The Silver Coins

This is the story of the hoarde of coins that were found in the River Dove

In 1831, workmen were improving the outfall of the nearby cotton mill. This involved the construction of an embankment to separate the outflow from the main river, using gravel from the river bed.

The workmen found a few silver coins in the gravel some 60 yards below the bridge, which were quietly dispersed amongst themselves. Throughout the week coins continued to be found in ever increasing numbers. The further upstream they worked, the greater were their discoveries. The next week, several thousand were obtained and they located a cubic yard of coins about 30 yds below the bridge. Five feet down 5,000 coins were found by two men in one day.

Very soon, hundreds of people were in pursuit of coins. often immersed to their waists with shovels. It is estimated that 100,000 coins were recovered, although some 360,000 were originally in the casks. The "Derby Mercury" reported workers were collecting sufficient coins to earn £10 a day.

Naturally news spread rapidly, as well as excessive drinking, quarrels and disturbances. At length the Duchy of Lancaster issued an order to prohibit further searching. After further digging on behalf of the Duchy, the excavations were in-filled by order of William IV. This order remains in force and can be seen exhibited in Tutbury Church.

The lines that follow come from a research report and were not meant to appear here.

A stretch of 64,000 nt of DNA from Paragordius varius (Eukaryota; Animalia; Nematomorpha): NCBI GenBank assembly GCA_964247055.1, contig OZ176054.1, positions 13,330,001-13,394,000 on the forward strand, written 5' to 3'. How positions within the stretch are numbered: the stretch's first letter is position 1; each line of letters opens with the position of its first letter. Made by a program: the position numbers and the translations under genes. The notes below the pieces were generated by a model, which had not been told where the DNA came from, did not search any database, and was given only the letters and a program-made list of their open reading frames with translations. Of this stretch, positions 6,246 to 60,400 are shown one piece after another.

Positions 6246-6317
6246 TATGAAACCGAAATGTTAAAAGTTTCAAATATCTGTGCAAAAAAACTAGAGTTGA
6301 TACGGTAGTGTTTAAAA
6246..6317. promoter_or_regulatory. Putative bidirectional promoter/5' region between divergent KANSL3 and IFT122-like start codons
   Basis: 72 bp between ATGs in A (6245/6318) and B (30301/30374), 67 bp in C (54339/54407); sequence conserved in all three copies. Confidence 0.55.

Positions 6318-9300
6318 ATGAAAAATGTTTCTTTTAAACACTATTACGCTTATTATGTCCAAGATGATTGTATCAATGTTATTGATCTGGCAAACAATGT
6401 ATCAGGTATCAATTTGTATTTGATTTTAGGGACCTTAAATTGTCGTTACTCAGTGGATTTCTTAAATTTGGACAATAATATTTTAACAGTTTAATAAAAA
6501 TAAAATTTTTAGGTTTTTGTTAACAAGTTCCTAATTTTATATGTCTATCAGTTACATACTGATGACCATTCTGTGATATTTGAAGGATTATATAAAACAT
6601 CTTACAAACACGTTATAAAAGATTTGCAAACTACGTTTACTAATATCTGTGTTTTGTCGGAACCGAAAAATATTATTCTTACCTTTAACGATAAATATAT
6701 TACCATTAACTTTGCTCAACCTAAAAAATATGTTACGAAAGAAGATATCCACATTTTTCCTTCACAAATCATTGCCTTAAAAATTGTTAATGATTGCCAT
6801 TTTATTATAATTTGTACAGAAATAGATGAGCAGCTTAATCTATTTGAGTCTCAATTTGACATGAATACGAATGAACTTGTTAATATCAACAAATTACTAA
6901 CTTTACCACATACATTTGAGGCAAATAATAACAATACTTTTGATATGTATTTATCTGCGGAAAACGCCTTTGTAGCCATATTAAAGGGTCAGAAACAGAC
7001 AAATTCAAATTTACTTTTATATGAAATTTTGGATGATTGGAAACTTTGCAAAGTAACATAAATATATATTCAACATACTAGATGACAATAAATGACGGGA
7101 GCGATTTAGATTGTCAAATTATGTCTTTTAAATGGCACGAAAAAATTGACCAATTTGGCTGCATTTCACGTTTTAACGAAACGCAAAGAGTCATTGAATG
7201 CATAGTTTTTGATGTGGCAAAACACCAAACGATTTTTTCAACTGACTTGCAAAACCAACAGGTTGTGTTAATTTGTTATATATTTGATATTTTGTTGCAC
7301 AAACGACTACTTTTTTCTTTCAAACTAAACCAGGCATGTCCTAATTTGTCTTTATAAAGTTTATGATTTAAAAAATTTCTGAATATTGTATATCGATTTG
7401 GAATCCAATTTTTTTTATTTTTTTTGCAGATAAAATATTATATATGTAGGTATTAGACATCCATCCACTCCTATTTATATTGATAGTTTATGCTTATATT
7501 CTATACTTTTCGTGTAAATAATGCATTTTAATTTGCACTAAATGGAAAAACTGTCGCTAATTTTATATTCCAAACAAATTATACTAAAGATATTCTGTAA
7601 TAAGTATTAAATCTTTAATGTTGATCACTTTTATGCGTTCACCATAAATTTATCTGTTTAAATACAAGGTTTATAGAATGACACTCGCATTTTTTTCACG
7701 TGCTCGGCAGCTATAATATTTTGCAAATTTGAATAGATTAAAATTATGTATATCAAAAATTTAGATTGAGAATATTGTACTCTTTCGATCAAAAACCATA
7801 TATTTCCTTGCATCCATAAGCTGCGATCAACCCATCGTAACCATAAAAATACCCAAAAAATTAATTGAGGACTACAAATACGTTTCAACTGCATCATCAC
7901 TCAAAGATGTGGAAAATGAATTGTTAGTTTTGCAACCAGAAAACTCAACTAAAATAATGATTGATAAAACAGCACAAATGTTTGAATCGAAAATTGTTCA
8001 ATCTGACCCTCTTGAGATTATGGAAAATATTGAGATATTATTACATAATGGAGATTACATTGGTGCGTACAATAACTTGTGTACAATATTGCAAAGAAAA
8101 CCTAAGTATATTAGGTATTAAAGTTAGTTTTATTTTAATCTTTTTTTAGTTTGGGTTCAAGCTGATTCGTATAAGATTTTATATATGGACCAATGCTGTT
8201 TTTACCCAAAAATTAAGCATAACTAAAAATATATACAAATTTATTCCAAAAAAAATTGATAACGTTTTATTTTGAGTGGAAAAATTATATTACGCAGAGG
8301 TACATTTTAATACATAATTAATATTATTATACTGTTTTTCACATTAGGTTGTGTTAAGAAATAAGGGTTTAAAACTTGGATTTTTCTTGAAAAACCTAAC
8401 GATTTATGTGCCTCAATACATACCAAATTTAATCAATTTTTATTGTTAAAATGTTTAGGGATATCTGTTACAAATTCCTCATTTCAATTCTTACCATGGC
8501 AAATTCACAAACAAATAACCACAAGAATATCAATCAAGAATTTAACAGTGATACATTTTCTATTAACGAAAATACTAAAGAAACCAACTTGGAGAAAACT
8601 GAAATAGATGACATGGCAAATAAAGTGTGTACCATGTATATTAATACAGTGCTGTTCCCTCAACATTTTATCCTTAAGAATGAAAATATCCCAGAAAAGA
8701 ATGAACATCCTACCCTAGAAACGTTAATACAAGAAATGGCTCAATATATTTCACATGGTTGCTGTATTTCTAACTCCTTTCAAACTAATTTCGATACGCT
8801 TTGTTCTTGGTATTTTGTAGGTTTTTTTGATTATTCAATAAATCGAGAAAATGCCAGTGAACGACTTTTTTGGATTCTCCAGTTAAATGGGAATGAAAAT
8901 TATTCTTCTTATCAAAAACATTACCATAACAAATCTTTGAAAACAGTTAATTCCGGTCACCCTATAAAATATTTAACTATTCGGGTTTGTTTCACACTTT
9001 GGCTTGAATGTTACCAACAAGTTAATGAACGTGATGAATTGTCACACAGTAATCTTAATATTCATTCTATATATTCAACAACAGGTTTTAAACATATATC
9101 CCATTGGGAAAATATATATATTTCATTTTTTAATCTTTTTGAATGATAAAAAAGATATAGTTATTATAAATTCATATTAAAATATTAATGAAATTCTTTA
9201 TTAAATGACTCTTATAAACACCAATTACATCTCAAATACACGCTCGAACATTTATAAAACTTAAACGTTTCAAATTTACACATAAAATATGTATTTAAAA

Coin head

Coin tail


How they got there

Edward llThomas, Earl of Lancaster sided with the Scots against his cousin King Edward ll in the early 1300s.

King Edward decided to attack Tutbury Castle to teach him a lesson and mounted an army from London.

Thomas heard about this and returned to Tutbury with his own army of 30,000 men.

Thomas fortified Burton Bridge, the only crossing over the Trent for miles, and held the bridge against the King’s advance party.

The King received advice that there was a little known ford at Walton so he crossed the river there (leaving a decoy force at the bridge) and attacked Thomas from the direction of Branston.


Battle of Burton Bridge

Thomas was thrashed at the Battle of Burton Bridge on 10 March 1322 and retreated to Tutbury Castle, leaving Burton in flames.

Thomas was expecting reinforcements from his Scots allies but they didn’t turn up so he was forced to escape over the Dove. The King's victory was short lived as he was eventually overthrown and murdered.

The treasure was thought to have been the be payment from the Earl to his troops and Scottish allies, possibly to be taken to the Priory for safe keeping. Many witnesses confessed to seeing the casks but a wall of silence ensued.

There are several stories of how the coins were lost:

  1. Thomas’s treasurer lost the treasure chest whilst crossing the flooded Dove.
  2. Monks hid the treasure for their own procurement or safe keeping until the King returned.
  3. Looters of the castle found 3 barrels containing £1500 and hid them in the bank of the river. This would have been worth £60,000 in 1950 and £¼ million today!

The coins lay there for 500 years, the barrels breaking up until 1831 when the workmen found them. What is certain is that many coins remain in the river. A few coins can be seen in the Stoke on Trent City Museum in Hanley.

The final count included gold and silver coins of Henry lll, Edward l, Edward ll, Scottish coins of Alexander lll, John Balliol and Robert the Bruce, plus Kings of Bohemia and Poland.

The Crown asked for them back!!!